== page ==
topical media & game development
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Microsoft DirectX is an advanced suite of multimedia application programming interfaces (APIs) built into Microsoft Windows; operating systems. DirectX provides a standard development platform for Windows-based PCs by enabling software developers to access specialized hardware features without having to write hardware-specific code. This technology was first introduced in 1995 and is a recognized standard for multimedia application development on the Windows platform.
DirectX 9.0 Components
Microsoft DirectX 9.0 is made up of the following components.
- DirectX Graphics combines the Microsoft DirectDraw and Microsoft Direct3D components of previous DirectX versions into a single application programming interface (API) that you can use for all graphics programming. The component includes the Direct3D extensions (D3DX) utility library, which simplifies many graphics programming tasks.
- Microsoft DirectInput provides support for a variety of input devices, including full support for force-feedback technology.
- Microsoft DirectPlay provides support for multiplayer networked games.
- Microsoft DirectSound can be used in the development of high-performance audio applications that play and capture waveform audio.
- Microsoft DirectMusic provides a complete solution for both musical and non-musical soundtracks based on waveforms, MIDI sounds, or dynamic content authored in DirectMusic Producer.
- Microsoft DirectShow provides for high-quality capture and playback of multimedia streams.
- DirectSetup is a simple API that provides one-call installation of the DirectX components.
- DirectX Media Objects provide support for writing and using data-streaming objects, including video and audio encoders, decoders, and effects.
Tutorial 1: Creating a Device
Tutorial 2: Rendering Vertices
Tutorial 3: Using Matrices
Tutorial 4: Creating and Using Lights
Tutorial 5: Using Texture Maps
Tutorial 6: Using Meshes
XNA is Microsoft's game development platform. Its mission is to enable developers to help contain costs while allowing developers to create better games, faster and across consumer platforms. By integrating the best innovations from across Microsoft with the best innovations in game development from across the industry, XNA is targeted to help contain the skyrocketing development costs and allow developers to concentrate on the unique content that differentiates their games.
"Software will be the single most important force in digital entertainment over the next decade. XNA underscores Microsoft's commitment to the game industry and our desire to work with partners to take the industry to the next level."
- Bill Gates, founder and chief software architect of Microsoft
DirectShow System Overview
The Challenge of Multimedia
Working with multimedia presents several major challenges:
Multimedia streams contain large amounts of data, which must be processed very quickly.
Audio and video must be synchronized so that it starts and stops at the same time, and plays at the same rate.
Data can come from many sources, including local files, computer networks, television broadcasts, and video cameras.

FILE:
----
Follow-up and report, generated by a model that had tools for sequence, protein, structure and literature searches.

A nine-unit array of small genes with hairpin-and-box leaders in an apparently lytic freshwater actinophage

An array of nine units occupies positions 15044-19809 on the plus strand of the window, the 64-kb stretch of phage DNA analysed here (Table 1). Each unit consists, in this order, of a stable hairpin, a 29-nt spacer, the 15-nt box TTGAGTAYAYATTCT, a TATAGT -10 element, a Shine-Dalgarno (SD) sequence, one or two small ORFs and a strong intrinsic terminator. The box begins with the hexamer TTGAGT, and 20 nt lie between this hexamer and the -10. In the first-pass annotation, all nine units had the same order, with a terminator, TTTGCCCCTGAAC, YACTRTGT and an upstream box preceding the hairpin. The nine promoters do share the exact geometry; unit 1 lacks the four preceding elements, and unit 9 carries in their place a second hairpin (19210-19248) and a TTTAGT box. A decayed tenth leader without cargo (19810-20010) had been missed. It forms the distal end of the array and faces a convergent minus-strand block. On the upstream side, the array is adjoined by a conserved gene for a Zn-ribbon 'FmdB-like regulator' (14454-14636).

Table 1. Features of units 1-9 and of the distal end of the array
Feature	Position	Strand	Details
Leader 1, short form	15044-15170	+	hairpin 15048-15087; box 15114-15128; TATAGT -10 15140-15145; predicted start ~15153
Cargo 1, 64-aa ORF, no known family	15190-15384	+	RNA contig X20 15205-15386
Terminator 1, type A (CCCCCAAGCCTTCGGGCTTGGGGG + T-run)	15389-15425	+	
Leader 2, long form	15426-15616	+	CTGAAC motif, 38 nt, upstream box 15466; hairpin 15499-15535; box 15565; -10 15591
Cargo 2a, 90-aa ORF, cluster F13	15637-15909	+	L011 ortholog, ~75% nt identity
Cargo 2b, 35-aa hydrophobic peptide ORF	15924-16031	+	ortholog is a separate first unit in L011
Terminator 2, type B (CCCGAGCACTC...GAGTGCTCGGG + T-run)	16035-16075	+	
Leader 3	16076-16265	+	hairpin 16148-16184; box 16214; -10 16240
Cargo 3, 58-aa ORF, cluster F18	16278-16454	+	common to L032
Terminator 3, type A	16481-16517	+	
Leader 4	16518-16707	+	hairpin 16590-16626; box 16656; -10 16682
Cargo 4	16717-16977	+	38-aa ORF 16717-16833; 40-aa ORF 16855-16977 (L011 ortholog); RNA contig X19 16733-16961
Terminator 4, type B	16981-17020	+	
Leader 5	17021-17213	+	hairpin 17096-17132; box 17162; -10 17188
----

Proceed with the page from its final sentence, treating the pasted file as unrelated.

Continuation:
Data comes in a variety of formats, such as Audio-Video Interleaved (AVI), Advanced Streaming Format (ASF), Motion Picture Experts Group (MPEG), and Digital Video (DV).
The programmer does not know in advance what hardware devices will be present on the end-user's system.
The DirectShow Solution
DirectShow is designed to address each of these challenges. Its main design goal is to simplify the task of creating digital media applications on the Windows platform, by isolating applications from the complexities of data transports, hardware differences, and synchronization.
To achieve the throughput needed to stream video and audio, DirectShow uses DirectDraw and DirectSound whenever possible. These technologies render data efficiently to the user's sound and graphics cards. DirectShow synchronizes playback by encapsulating media data in time-stamped samples. To handle the variety of sources, formats, and hardware devices that are possible, DirectShow uses a modular architecture, in which the application mixes and matches different software components called filters.
DirectShow provides filters that support capture and tuning devices based on the Windows Driver Model (WDM), as well as filters that support legacy Video for Windows (VfW) capture cards, and codecs written for the Audio Compression Manager (ACM) and Video Compression Manager (VCM) interfaces.
The following diagram shows the relationship between an application, the DirectShow components, and some of the hardware and software components that DirectShow supports.
As illustrated here, DirectShow filters communicate with, and control, a wide variety of devices, including the local file system, TV tuner and video capture cards, VfW codecs, the video display (through DirectDraw or GDI), and the sound card (through DirectSound). Thus, DirectShow insulates the application from many of the complexities of these devices. DirectShow also provides native compression and decompression filters for certain file formats.
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